Where was everything else? The “girl” filter eliminated all Star Wars toys and LEGO Star Wars building sets, including, oddly, a set for the female character Rey’s speeder. All I was left with was a Captain Phasma costume, a sticker collection and a handful of Star Wars-related books. Where were all the Star Wars sets for which LEGO is so well known? Once I flipped off the “girl” filter and turned on the “boy” one, they popped back up. Compared to the 245 items “for girls,” the “boy” filter gave me 1,257 items in this section. Without any filters the total number of items in the Action Figures section was 1,272, so there was some overlap – but not enough. According to the Gender filters, everything from an RC BB-8 toy to Teenage Mutant Ninja Turtles dolls and a Batman figure were only for boys.

The problem is that there’s no real reason to separate toys this way. The toys themselves are perfect for all kids, but splitting them up leads to kids missing out on having a variety of entertaining and educational experiences through play.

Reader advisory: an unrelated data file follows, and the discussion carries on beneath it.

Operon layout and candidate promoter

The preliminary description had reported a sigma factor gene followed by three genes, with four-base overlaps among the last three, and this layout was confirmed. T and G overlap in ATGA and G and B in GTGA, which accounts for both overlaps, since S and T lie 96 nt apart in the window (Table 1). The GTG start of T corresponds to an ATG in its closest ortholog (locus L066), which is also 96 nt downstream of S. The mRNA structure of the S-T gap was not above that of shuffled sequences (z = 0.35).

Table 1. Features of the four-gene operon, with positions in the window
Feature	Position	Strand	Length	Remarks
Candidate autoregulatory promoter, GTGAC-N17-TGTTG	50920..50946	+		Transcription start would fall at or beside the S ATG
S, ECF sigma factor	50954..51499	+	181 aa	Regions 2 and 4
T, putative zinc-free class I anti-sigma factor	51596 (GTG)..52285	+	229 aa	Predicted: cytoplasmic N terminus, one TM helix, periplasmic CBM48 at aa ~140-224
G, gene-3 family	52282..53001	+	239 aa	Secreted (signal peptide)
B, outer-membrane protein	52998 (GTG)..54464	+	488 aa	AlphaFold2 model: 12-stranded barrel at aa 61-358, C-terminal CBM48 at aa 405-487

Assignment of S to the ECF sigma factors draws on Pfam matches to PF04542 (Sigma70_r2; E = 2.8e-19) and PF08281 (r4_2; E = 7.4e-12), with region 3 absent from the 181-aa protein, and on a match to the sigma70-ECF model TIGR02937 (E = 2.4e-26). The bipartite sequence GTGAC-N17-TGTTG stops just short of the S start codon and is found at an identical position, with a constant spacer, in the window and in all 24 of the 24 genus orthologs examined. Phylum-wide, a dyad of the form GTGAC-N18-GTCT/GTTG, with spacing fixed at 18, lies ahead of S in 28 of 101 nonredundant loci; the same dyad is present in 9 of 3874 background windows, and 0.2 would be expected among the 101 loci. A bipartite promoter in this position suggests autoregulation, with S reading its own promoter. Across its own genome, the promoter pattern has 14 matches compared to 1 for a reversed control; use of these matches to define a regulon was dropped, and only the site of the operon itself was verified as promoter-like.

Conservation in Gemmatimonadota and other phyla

This forcing of toys into assigned gender boxes has spurred the creation of many campaigns calling for the opportunity for children to choose their toys freely. One of these campaigns is UK-based Let Toys Be Toys, which began in 2012. Since then, it has gotten 14 major UK and Ireland retailers to get rid of gender-specific signs around toys. Among these retailers is the UK website for Toys ‘R’ Us, which, unlike the Canadian site and the U.S. site (which actually has sections called “Boys’ Toys” and “Girls’ Toys” on the home page), removed its gender filters. Last summer, Target in the U.S. also decided to remove “boy toy” and “girl toy” signs from its stores.

When we think about “toys for boys” and “toys for girls” signs, we often worry about how they’ll exclude girls from various play experiences. What may get overlooked is the effect it can also have on boys. Boys who are presented with action figures, trucks and plastic weapons in a section cordoned off from kitchen sets, dolls and other toys people consider to be “too girly” will never try to explore that equally rewarding area of nurturing and compassion. They, too, will miss out purely out of their, or more likely their parents’ fear of liking something associated with femininity.